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Regulators Taking a Look at Apple’s Practices?

Apple is known to be a tough negotiator.  How tough, and whether some behaviors cross the line of appropriateness is a question regulators are apparently looking into.

New reports citing “people familiar” suggest the government anti-trust regulators are inquiring about whether Apple’s dealings with music labels have been inappropriate.

On Tuesday, the New York Times reported one of the questions on investigators minds is whether Apple tried to keep the record labels from giving Amazon’s rival music download store exclusive access to some new releases.

Antitrust staff from the DOJ has reportedly contacted several music labels as well as some internet music startups.

The interviews are considered “preliminary” and at this time there is no formal investigation.   Still, regulators are clearing keeping a close watch on Apple; an apparent reaction to the dominance the company has established in many of its markets.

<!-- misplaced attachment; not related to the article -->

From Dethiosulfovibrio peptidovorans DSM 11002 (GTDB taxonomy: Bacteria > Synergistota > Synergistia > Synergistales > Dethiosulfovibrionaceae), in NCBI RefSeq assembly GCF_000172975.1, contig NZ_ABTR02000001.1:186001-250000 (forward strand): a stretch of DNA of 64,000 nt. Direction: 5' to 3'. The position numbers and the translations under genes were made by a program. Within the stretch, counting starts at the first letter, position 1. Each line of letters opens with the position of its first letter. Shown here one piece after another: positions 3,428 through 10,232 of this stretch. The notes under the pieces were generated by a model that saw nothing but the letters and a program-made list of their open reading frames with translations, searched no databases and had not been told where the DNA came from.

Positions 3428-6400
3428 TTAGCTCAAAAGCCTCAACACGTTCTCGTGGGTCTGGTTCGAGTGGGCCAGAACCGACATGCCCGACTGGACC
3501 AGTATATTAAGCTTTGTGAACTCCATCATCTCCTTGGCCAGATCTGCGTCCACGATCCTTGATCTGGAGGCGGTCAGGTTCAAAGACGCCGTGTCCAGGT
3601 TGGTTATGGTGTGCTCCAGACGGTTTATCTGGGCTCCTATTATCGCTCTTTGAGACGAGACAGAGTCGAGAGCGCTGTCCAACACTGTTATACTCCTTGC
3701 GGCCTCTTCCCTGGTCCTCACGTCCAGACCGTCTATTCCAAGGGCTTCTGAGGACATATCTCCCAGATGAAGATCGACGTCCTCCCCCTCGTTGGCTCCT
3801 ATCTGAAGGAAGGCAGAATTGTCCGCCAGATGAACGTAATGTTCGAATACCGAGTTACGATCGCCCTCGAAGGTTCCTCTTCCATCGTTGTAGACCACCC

Last year, FTC scrutiny over the sharing of board members led Google CEO Eric Schmidt to resign from Apple’s board. 

More recently, the FTC and DOJ have been reported to be discussing the Apple’s application development license terms.    With all the public debate over Apple’s exclusion of Adobe flash from its mobile platforms there’s also rumor, Apple’s practices there may get some review.

[Update 6/12 – Reports are now circulating that the FTC is set to begin a formal investigation into Apple’s exclusion of certain software from its iOS (Flash, for instance).   That alongside a newly announced International Trade Commission  investigation into HTC patent violation claims against Apple, and a rising public debate over Apple’s upcoming iAds policies suggests a busy few months for  Apple’s legal department]

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